In 1967 George Alcock discovered Nova HR Delphini and this inspired me into observing the nova. I followed it for about two years after which it faded from view, but by this time I had honed my skills as a variable star observer. By 1969 I transferred these skills to the visual observation of variable stars that continued unabated till 2008, after which I started observing photo electrically with a DSL camera.
In 1970, we were blessed with our first ever view of a bright comet. Comet Bennett was visible in the morning sky for several weeks from late March, and during the Easter holidays we observed it several times from Graham Cliff's hut in Alderley Edge. The comet showed prominent gas and dust tails. The comet was discovered by Jack Bennett in South Africa and I later met him at a BAA meeting in London, where I was studying zoology at the North East London Polytechnic.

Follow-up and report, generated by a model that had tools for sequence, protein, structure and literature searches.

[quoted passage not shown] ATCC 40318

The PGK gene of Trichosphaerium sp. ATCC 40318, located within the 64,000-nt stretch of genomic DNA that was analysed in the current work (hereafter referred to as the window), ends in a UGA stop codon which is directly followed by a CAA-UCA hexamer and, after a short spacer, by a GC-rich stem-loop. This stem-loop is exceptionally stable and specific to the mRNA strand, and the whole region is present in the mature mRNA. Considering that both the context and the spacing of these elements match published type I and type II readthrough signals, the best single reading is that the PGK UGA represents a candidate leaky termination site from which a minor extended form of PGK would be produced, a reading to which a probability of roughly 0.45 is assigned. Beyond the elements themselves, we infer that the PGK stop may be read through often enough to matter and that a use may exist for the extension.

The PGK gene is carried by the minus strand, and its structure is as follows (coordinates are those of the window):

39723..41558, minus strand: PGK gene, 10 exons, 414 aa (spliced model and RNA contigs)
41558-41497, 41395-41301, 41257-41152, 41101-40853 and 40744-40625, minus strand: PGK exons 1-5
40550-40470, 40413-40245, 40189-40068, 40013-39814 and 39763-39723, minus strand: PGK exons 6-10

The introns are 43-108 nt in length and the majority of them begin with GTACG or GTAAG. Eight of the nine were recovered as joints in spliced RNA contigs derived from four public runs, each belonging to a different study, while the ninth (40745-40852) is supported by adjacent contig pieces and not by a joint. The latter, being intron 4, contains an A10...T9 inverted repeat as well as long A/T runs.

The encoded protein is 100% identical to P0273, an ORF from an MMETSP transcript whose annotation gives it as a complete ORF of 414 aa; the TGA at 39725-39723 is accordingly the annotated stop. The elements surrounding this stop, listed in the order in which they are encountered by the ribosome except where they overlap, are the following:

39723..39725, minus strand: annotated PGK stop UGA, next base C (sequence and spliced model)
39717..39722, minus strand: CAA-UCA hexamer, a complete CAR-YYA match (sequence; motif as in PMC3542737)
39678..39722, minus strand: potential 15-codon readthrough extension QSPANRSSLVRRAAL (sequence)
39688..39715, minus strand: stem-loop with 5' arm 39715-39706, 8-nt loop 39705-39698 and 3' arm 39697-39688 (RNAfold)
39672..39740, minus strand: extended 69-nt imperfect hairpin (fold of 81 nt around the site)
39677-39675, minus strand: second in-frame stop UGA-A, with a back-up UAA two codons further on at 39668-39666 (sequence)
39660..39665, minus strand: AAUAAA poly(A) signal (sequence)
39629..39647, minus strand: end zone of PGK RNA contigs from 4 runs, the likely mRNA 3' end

In 1974 two boys, Paul Rendell and Ken McConville from Wellington Road School, joined the society and began to play an active part. Paul had an 8 inch telescope that he eventually donated to the observatory. Ken had spent some time in Australia and eventually returned there and was last heard of living near Brisbane with his wife Shelley, and he still pursues an interest in astronomy. 1974 also brought Comet Kohoutek. This object proved to be a damp squib, but we managed to observe it one night from a good vantage point at Alderley Edge.
In 1975, we observed a close conjunction of Venus with Jupiter that provoked a large number of UFO reports. It was successfully imaged through Paul Rendell's telescope.